As of 2016, hospital medicine as a specialty has existed for only two decades. Despite board certification for the discipline not occurring until 2009, New Mexico patients might be surprised that hospitalists have significantly grown in number across the country over the previous decade. The Bureau of Labor Statistics reported about 44,000 hospitalists working in the country in 2014, according to data from the Society of Hospital Medicine.
Hospitalists are doctors who only work in a hospital environment and focus on hospital medicine. They are usually educated and trained in a similar manner as family or primary care physicians. Some of them, however, are trained in other specialties or undergo hospital-oriented training after their residency. In a hospital setting, they frequently manage patients who are suffering from acute illnesses. This often involves coordinating treatments among the various specialists participating in the care of their patients.
The law holds hospitalists to the exact same standards as other physicians, so they have to deliver the same degree of care that an average hospitalist would provide under equivalent circumstances. Hospitalists who do not do this are committing medical negligence and could be held liable to the patients whom they harm or increase the risk of harm.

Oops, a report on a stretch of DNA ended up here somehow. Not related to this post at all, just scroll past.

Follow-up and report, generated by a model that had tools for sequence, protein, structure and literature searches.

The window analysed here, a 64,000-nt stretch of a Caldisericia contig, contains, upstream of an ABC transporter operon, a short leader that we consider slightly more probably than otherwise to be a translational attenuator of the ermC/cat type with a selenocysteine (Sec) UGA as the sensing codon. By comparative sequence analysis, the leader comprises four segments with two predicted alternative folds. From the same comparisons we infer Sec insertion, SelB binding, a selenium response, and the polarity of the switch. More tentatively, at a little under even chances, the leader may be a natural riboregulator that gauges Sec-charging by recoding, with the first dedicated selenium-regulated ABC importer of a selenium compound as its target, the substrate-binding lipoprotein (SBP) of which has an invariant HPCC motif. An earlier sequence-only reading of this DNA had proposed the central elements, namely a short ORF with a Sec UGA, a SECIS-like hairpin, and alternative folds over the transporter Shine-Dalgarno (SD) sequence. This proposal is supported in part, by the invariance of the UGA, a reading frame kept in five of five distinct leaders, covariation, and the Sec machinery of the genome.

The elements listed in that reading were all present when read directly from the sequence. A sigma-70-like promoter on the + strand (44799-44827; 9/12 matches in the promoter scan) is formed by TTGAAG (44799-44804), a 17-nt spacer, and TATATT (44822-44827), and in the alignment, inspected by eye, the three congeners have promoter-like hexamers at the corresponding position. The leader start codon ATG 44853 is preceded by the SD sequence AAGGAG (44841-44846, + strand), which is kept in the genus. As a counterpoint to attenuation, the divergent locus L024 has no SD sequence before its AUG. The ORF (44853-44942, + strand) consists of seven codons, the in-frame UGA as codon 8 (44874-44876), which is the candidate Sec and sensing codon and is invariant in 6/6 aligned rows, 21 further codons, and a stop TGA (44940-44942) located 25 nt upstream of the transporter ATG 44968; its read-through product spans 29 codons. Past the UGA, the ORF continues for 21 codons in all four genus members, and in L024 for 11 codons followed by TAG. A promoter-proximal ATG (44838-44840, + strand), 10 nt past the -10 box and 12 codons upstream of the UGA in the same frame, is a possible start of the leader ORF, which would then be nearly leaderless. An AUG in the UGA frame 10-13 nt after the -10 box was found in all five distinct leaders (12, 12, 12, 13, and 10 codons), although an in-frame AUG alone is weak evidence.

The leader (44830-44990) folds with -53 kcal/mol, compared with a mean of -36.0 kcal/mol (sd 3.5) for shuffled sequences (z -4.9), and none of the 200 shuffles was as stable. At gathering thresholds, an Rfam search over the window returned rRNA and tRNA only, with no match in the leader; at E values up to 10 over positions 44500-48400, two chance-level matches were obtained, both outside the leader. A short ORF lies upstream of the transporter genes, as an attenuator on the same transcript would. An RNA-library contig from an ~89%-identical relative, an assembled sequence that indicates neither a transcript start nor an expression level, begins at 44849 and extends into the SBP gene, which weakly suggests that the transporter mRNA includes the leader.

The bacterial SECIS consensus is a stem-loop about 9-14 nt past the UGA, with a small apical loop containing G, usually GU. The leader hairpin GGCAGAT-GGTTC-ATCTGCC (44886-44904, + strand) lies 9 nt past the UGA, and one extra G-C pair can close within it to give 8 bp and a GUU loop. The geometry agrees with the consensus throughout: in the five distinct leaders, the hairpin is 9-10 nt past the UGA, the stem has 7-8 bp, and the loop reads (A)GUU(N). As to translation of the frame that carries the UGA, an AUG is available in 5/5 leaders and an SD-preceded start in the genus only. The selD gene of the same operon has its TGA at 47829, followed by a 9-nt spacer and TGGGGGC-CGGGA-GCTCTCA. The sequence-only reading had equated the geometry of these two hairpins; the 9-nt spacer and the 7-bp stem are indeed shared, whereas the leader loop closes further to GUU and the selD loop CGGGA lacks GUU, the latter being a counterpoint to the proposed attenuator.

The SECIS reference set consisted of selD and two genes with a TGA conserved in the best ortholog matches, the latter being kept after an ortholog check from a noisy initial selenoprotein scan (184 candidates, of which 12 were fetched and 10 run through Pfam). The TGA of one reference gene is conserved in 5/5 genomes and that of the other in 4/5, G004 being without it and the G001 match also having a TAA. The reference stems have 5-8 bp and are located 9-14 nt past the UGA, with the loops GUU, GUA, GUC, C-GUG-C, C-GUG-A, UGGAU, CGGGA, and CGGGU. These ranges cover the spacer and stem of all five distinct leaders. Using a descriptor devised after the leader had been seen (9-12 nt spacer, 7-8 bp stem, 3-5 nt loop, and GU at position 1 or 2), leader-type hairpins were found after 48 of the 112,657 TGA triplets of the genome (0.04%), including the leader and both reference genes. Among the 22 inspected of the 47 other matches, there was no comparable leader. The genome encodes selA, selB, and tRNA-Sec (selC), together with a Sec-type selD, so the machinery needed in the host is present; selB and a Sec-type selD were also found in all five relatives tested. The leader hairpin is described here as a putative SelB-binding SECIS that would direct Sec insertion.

Based on a study from The Doctors Company, 78 percent of medical malpractice suits against hospitalists from 2007 to 2014 were the result of delayed or misdiagnosis, improper management of treatment or medication mistakes. The research also found that 35 percent of malpractice suits involving hospitalists were because of insufficient patient examinations.
Whether hospital errors are the result of negligence on the part of hospitalists, nurses, other physicians or hospital facilities, the affected patients could see their conditions worsen. Those who have been harmed in such a manner may want the assistance of legal counsel in pursuing their available remedies.